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Trekking in Nepal with Kids

Trekking in Nepal with kids/ Best hikes in Nepal for kids

trekking in Nepal with kids
This is my friend Ellie at a home stay in Nepal.

Trekking in Nepal with kids may seem as overwhelming as the Himalayas are tall. Let me be the first to say, “It is not.” In fact, it might be one of the easiest trips for you and your kids. Some of the best hiking trails in Nepal are perfect for kids. The Poon Hill trek is one example and is my top pick for family hikes. There are many facilities and services available along the trails, which make trekking in Nepal with Kids easy.

Upper Himalayan Treks and Adventure will provide all the services and facilities to make your hiking trip with your family safe, fun, and exciting. We have skilled porters and expert guides to make your trip easy. Our guides are trained to identify altitude sickness and how to prevent it. We also have health and medical staff on hand if an accident happens. Our tours for families with kids are arranged so that there are frequent locations to access food, water, bathrooms, and comfortable lodges and tea houses. These hikes were also chosen because of their relative ease of completion, short time to completion, and access to roads or airports.  In this blog post I present some challenges to trekking in Nepal with kids, the best hikes in Nepal for kids, the best times to travel to Nepal, and what to pack. I hope you enjoy it.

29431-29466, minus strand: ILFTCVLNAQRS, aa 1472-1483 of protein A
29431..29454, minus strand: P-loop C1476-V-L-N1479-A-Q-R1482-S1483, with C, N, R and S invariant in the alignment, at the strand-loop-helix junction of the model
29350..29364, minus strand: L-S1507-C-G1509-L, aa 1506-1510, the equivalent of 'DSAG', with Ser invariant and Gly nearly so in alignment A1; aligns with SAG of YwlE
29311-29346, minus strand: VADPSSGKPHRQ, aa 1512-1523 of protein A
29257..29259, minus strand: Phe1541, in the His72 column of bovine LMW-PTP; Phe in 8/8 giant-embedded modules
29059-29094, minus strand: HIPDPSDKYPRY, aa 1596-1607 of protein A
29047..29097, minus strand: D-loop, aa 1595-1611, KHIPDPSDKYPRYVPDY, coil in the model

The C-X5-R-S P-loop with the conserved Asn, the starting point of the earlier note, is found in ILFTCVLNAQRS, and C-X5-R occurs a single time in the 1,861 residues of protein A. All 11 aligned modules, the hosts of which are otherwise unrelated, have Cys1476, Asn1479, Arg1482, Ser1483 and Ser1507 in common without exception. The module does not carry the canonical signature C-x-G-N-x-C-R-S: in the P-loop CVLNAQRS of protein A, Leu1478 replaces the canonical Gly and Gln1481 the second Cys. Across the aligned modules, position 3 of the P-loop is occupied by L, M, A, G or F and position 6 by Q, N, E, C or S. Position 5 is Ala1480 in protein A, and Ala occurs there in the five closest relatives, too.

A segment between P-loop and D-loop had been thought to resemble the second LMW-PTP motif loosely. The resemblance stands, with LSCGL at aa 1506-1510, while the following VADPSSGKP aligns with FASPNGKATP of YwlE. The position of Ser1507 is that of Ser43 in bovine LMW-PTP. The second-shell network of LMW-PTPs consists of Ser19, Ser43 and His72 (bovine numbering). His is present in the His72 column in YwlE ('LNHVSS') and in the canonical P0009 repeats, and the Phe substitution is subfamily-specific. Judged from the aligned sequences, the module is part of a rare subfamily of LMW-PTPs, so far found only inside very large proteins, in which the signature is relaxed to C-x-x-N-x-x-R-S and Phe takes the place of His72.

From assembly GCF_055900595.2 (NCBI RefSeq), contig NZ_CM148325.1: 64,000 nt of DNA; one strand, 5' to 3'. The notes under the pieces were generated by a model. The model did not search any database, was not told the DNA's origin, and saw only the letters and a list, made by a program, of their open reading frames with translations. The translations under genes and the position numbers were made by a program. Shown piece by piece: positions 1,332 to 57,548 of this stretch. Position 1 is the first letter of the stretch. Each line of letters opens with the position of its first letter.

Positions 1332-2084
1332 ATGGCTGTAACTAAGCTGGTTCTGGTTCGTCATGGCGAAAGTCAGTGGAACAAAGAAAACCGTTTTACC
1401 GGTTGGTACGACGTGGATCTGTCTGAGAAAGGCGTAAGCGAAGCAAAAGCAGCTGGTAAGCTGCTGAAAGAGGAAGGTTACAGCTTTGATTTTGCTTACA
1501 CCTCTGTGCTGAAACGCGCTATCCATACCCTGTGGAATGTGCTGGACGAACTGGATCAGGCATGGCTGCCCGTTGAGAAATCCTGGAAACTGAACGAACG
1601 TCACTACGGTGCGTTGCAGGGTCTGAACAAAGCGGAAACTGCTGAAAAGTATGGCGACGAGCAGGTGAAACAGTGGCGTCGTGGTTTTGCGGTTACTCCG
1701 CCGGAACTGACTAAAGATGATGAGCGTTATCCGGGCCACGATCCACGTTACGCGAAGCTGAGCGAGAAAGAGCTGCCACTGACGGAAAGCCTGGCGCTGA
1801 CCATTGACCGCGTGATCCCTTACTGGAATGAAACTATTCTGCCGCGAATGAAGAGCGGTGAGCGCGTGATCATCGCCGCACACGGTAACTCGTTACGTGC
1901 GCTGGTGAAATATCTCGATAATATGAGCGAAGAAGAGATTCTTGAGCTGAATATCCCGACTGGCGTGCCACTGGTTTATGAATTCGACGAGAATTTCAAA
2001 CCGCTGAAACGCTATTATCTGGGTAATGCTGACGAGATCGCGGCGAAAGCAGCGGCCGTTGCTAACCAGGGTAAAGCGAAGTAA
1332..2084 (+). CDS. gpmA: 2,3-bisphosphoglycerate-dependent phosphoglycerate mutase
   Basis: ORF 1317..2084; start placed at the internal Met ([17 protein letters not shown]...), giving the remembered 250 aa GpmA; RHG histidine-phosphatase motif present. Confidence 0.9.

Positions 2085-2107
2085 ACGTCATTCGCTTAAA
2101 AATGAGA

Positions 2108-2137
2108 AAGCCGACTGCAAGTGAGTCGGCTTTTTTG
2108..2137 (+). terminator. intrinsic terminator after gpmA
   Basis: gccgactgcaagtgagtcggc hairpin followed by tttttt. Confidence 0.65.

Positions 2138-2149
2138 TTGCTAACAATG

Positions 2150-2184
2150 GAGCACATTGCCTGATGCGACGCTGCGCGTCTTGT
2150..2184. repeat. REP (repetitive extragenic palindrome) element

Trekking in Nepal with kids
A kid doing somersaults in the straw in a village

little challenges

  • Altitude sickness is probably the largest challenge for everybody ascending above 12,000 ft, but it can also affect people as low as 8,000 ft above sea level. Children are more prone to be affected by altitude sickness and the symptoms are more difficult to recognize. The best solution is to stay below 12,000 ft and acclimate slowly.